The board of governors of the International Atomic Energy Agency (IAEA) has overwhelmingly passed a resolution critical of Iran’s nuclear cooperation.

Of 35 members states on the board, 30 voted in favor of the resolution sponsored by the ‘E3’ (France, Germany, the United Kingdom) and the United States. India, Libya and Pakistan abstained, while Russia and China voted against.

The resolution called on Iran to engage with the IAEA, the United Nations nuclear watchdog, without delay and expressed “profound concern” at Iran’s failure to satisfy the agency over traces of uranium found at three undeclared sites and highlighted last week in a report from IAEA director-general Rafael Mariano Grossi.

The resolution comes with year-long talks paused since March between Iran and six world powers aimed at reviving the 2015 Iran nuclear deal, the JCPOA (Joint Comprehensive Plan of Action), and with continuing preparations in Israel for an attack on Iran’s nuclear sites.

Iran: ‘Meaningless and disappointing’

Mikhail Ulyanov, Russia’s IAEA ambassador, tweeted that the resolution was “highly questionable under the circumstances” and that countries making up more than half the world’s population had not supported it. Russia had opposed the move, which Moscow argues undermines efforts to salvage the JCPOA.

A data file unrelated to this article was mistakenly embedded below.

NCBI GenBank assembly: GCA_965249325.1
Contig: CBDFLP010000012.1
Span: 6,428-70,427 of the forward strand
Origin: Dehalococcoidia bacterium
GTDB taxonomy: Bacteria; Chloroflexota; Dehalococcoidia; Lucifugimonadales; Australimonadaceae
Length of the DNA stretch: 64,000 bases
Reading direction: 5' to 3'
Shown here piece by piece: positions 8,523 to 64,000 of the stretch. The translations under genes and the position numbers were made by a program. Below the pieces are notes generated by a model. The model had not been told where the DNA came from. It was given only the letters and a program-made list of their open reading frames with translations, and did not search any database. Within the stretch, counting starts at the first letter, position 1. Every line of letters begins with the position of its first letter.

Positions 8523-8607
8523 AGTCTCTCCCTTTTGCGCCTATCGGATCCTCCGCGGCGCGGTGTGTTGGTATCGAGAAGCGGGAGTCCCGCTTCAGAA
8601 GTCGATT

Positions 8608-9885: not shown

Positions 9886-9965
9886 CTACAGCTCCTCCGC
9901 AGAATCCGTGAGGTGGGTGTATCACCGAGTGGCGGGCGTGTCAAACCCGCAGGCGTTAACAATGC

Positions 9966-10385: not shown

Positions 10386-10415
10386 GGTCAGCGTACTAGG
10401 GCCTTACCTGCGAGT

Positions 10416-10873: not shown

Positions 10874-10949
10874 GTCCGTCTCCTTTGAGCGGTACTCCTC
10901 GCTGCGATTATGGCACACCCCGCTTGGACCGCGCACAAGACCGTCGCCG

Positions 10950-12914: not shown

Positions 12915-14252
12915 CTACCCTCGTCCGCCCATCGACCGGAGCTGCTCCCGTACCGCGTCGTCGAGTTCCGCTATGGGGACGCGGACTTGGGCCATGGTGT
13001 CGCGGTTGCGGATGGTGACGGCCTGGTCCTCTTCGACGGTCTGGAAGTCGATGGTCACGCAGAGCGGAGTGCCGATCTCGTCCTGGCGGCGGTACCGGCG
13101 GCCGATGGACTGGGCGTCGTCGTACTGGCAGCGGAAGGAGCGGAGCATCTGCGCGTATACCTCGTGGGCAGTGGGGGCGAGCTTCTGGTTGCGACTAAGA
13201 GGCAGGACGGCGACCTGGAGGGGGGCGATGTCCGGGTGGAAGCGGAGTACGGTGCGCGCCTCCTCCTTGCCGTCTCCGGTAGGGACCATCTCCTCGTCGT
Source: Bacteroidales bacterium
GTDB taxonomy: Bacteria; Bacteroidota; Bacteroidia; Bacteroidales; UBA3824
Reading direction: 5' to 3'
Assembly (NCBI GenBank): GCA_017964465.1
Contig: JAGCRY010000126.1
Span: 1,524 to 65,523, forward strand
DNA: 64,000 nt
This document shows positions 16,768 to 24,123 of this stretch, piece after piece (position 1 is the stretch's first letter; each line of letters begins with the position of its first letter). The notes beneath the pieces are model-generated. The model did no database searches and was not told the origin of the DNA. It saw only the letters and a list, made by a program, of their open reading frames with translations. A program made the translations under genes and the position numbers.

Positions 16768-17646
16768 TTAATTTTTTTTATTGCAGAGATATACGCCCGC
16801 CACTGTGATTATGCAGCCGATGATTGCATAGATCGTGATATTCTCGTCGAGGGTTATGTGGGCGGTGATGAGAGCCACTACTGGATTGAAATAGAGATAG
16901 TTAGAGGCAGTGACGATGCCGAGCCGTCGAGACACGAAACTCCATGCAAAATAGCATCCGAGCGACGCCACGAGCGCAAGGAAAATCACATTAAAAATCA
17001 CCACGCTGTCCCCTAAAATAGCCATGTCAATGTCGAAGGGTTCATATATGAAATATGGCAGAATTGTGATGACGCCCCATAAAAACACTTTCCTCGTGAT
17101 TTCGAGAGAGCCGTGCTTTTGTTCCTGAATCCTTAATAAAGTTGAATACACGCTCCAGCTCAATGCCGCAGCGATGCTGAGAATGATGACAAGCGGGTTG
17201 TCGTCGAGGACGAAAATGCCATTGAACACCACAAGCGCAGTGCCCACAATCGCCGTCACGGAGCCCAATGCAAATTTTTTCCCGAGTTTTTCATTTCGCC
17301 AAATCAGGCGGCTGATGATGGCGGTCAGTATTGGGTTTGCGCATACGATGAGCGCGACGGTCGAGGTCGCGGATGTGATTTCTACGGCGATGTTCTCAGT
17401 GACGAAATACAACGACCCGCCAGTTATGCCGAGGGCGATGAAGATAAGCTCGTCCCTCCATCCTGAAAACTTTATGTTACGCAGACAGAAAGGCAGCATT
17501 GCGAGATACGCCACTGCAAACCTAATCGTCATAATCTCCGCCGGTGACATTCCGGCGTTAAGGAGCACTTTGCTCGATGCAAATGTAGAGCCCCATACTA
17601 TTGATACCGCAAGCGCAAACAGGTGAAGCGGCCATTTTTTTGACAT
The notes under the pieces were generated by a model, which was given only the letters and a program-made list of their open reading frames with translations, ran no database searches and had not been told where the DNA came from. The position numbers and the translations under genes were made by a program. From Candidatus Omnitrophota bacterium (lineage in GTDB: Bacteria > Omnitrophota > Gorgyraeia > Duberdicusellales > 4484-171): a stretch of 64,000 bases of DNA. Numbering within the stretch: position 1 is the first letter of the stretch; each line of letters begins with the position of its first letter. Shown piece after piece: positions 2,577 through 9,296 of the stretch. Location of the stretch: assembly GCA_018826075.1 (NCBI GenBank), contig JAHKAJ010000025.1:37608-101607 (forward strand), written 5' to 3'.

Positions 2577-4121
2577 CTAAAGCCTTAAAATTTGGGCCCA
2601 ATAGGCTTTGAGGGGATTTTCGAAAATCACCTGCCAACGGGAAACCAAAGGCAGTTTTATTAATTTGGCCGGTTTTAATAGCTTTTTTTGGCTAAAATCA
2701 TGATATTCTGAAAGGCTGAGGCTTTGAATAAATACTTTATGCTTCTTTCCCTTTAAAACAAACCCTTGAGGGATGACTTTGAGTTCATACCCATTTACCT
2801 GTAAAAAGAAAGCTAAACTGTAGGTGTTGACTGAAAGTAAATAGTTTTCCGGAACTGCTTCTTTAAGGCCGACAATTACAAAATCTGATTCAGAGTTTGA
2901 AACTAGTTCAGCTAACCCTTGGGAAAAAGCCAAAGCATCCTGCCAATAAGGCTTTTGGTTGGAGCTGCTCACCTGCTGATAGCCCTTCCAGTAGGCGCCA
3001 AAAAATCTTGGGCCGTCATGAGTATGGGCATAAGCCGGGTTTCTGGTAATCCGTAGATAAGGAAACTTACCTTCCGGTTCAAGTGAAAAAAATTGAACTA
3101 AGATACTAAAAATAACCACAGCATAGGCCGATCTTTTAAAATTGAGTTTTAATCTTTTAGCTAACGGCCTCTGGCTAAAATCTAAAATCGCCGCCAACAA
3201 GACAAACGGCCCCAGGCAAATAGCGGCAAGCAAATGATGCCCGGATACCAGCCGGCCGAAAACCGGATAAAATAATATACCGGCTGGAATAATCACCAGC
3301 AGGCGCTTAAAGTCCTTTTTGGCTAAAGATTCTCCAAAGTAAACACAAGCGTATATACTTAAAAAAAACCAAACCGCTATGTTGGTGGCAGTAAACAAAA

Fars News agency reported Iran's acting IAEA ambassador, Mohammad-Reza Ghaebi, condemning the resolution and saying Iran would respond appropriately. Ghaebi said that given “exemplary cooperation” between Iran and the agency, this resolution was “meaningless and disappointing.”

Earlier in the day, apparently in response to developments at the IAEA, the Atomic Energy Organization of Iran (AEOI) announced it was turning off two IAEA monitoring systems and associated cameras at two unspecified nuclear sites, which it said were not required by Iran’s commitments as a signatory of the Nuclear Non-Proliferation treaty (NPT).

‘Watered-down’

Critics of the JCPOA in the United States are unlikely to be satisfied that their campaign against the agreement, which the administration of President Joe Biden and the E3 say they want to revive, has yet succeeded. Gabriel Noronha, special advisor on Iran in the administration of President Donald Trump, tweeted that the resolution was “watered-down.”

Kelsey Davenport, director for Nonproliferation Policy at the Washington-based Arms Control Association, tweeted support for the resolution, which she suggested was a “necessary signal to Iran that there are consequences for not cooperating with the IAEA.” But she also argued it should “motivate the US & E3 to get back to the drawing board to find a solution to the impasse over talks to restore the JCPOA.”

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